There’s nothing egregiously wrong with the Venza, and yet, there’s nothing remotely appealing about it, either. Executed properly, the Toyota could easily be the best in this group, and yet right now, its styling, driving dynamics, and interior quality all scream mediocrity.
Second place: Nissan Murano
Whereas Toyota has overdosed on crossovers, Nissan finds itself filling the gap with only two. With the smaller Rogue battling the hotly contested compact segment, it’s up to the Murano to offer the utility of a larger vehicle to anyone not interested in the brand’s aging line of body-on-frame SUVs.
That the Murano is attempting to fill larger crossover shoes is clear as soon as you see it parked next to the Honda and the Toyota. Its roof juts out several inches higher than the other two, and its masculine sheetmetal, revolutionary seven years ago, now comes off as almost traditionalist compared with the Venza’s tough-wagon aesthetic and the Crosstour’s downright weirdness. Not coincidentally, we find its angles and creases the most agreeable of this group, if still not quite attractive.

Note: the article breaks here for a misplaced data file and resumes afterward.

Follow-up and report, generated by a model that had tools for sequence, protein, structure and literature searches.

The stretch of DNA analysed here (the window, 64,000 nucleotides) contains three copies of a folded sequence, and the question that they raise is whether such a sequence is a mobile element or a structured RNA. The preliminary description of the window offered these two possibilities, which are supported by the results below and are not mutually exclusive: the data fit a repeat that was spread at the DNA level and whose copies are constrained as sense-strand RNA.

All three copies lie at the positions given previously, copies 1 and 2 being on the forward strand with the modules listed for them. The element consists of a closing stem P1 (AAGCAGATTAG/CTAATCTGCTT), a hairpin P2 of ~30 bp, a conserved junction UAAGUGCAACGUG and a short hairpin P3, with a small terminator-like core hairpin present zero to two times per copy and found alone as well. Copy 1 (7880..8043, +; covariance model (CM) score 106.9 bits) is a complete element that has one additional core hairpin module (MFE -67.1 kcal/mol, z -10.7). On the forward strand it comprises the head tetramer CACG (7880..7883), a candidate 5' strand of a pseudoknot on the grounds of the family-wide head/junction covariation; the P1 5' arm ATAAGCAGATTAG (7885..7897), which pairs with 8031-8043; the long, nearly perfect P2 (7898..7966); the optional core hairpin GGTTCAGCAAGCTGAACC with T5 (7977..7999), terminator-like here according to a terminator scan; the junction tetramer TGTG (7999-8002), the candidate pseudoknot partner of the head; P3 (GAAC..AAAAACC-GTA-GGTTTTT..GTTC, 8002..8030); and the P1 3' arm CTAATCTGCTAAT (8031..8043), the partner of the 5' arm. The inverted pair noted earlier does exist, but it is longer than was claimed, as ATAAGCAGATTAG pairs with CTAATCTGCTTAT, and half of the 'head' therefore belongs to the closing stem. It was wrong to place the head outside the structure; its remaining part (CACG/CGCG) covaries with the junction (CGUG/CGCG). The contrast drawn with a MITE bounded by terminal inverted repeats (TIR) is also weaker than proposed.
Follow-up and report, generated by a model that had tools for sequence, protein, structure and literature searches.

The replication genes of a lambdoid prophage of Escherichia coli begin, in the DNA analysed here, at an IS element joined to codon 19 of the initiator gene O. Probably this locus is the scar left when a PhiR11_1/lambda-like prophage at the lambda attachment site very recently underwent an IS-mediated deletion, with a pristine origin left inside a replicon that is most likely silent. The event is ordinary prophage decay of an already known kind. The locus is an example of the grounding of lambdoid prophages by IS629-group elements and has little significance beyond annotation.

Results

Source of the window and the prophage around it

Inside, the Murano made great strides in materials quality with its 2009 redesign, and its new plastics are much better than those in the Toyota. The overall dash layout is a bit drab but ergonomically sound, and the optional Bose radio uses the same driver-friendly interface found in most Infinitis. Our only complaint, from a comfort standpoint, is with our $33,000 test vehicle’s foamy, flat seats. As noted, it loses to the Venza in terms of overall cargo room, but it still offers plenty of space for big, bulky items.